On the subliminal 1

Electronic media (…) abridge space and time and single-plane relationships, returning us to the confrontation of multiple[-plane] relationships at the same moment. (…) The multilayered montage or “transparency,” with its abridgement of [sequential] logical relationships, is as familiar in the cave painting as in cubism. (Myth and Mass Media, 1959)1 

this fusion and telescoping of phases of process becomes a kind of explanation or mode of intelligibility. (Myth and Mass Media)

McLuhan had always been interested in the subliminal working of advertising and of other sorts of education outside the classroom like comics and the movies. This was the “classroom without walls”. But in the later 1950’s he became interested in the subliminal in a new way.

For 500 years our idea of efficacy and efficiency was rooted in the technology of explicitness. To make happen and to explain scientifically have both meant the consecutive spelling out of consequences, one at a time. In the electronic age we enter the phase of the technology of implicitness in which by grasp of total field relationships we package information and deliver messages on many levels, all in an instant. (‘The Subliminal Projection Project’, The Canadian ForumDecember, 1957)

He now realized that the subliminal was not only something we needed to become aware of throughthe consecutive spelling out of consequences”. This latter sort of investigation could certainly expose subliminal messages suggested by ads (for example) and could therefore contribute to consumer insight. But such ‘subliminal’ messages were potentially fully conscious and this was, indeed, just what study of them aimed to bring about: the conversion or “spelling out” of the subliminal into the “consequence” of conscious awareness.

But the subliminal could also to be investigated as being part of “total field relationships (…) on many levels, all in an instant.” And this was an entirely different matter.

Compare brain chemistry.2 The subliminal working of molecules in the brain is not something to be brought into consciousness in the same way as the exposure of hidden messages in ads. Instead, that molecular working can certainly be investigated in labs, and even be imaged through microscopy or MRI, but the object of this sort of highly conscious endeavor is not at all to bring that brain activity into the consciousness with which we go about our daily business. Indeed, the former can never become part of the latter because its working takes place, instantaneously, on a different level. As McLuhan put it, we have to deal here with “many levels, all in an instant”.  The different level of brain biochemistry is essentially subliminal — but not for that reason hidden from fully conscious investigation. Indeed, it is open to investigation only as subliminal.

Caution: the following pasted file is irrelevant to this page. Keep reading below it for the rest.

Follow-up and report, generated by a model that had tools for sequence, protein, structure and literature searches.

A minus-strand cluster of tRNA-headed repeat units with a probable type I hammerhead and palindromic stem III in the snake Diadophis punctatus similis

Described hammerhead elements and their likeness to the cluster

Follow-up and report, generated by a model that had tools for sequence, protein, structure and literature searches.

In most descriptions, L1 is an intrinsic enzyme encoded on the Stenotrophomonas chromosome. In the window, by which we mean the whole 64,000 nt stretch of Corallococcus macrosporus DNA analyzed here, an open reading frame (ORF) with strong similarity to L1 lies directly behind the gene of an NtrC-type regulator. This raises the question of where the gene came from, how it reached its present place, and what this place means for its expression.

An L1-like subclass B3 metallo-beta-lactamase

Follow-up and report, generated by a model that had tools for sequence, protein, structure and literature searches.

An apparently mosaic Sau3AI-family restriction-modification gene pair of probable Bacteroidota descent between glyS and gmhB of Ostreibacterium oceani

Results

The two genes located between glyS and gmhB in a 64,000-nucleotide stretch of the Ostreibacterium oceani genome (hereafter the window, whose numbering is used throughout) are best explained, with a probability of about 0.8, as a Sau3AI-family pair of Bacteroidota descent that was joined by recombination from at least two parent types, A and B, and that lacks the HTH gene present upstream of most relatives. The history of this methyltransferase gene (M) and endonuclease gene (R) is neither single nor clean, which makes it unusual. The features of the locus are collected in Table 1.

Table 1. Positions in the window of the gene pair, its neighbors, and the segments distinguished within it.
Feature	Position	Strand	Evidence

At roughly the same time that he began to reconceptualize the subliminal in this way as “implicitness”, McLuhan formulated the phrase (or the admonition): “the medium is the message”. And these were closely linked. The electric medium (“a new codification of experience collectively achieved by new work habits and inclusive collective awareness”) through which we have particle physics, genetics and modern medicine is inherently multi-level, simultaneous and therefore (combining these two) ‘all at once’. In many different sciences, this model of understanding — this medium, this “mode of intelligibility” — is taken for granted. Of course our bodies and brains work through biochemical interactions, and of course they do so simultaneously with our every action and thought, and of course this takes place on a different level from our conscious attention, and of course this does not mean that this molecular work cannot be investigated consciously but instead means that it can. But this is a new sense of the subliminal that is only a few centuries old (at least as a practical matter), which has in that time revolutionized every field into which it has been introduced.3

Now in the later 1950’s McLuhan proposed that this multilevel simultaneous electric medium of explanation be brought to bear also in the humanities and the social sciences. Further, he proposed that we initiate this transformation first of all by — Understanding Media.

  1. The order of these sentences from ‘Myth and Mass Media’ has been reversed. McLuhan enlarged on new media in this essay as follows: “Any one of our new media is in a sense a new language, a new codification of experience collectively achieved by new work habits and inclusive collective awareness. (…) The collective skills and experience that constitute both spoken languages and such new languages as movies or radio can also be considered (…) as static models of the universe. But do they not tend, like languages in general, to be dynamic models of the universe in action? As such, languages old and new would seem to be for participation rather than for contemplation or for reference and classification.” Both “static” and “dynamic” at once, the new media, like the new sciences of the last two centuries, have learned how to build upon the multiplicity of time.
  2. Explorations 8, #8: “the rise of field theory in physics now has its medical counterpart in Dr. Hans Selye’s stress view.”
  3. Only a few centuries old at least as a practical matter — because one would have to look carefully at figures like Aristotle and Leibniz (for example) to see how they understood “implicitness” long ago. Centuries or millennia before such insight could be put to practical use, they may well have understood it better than we do.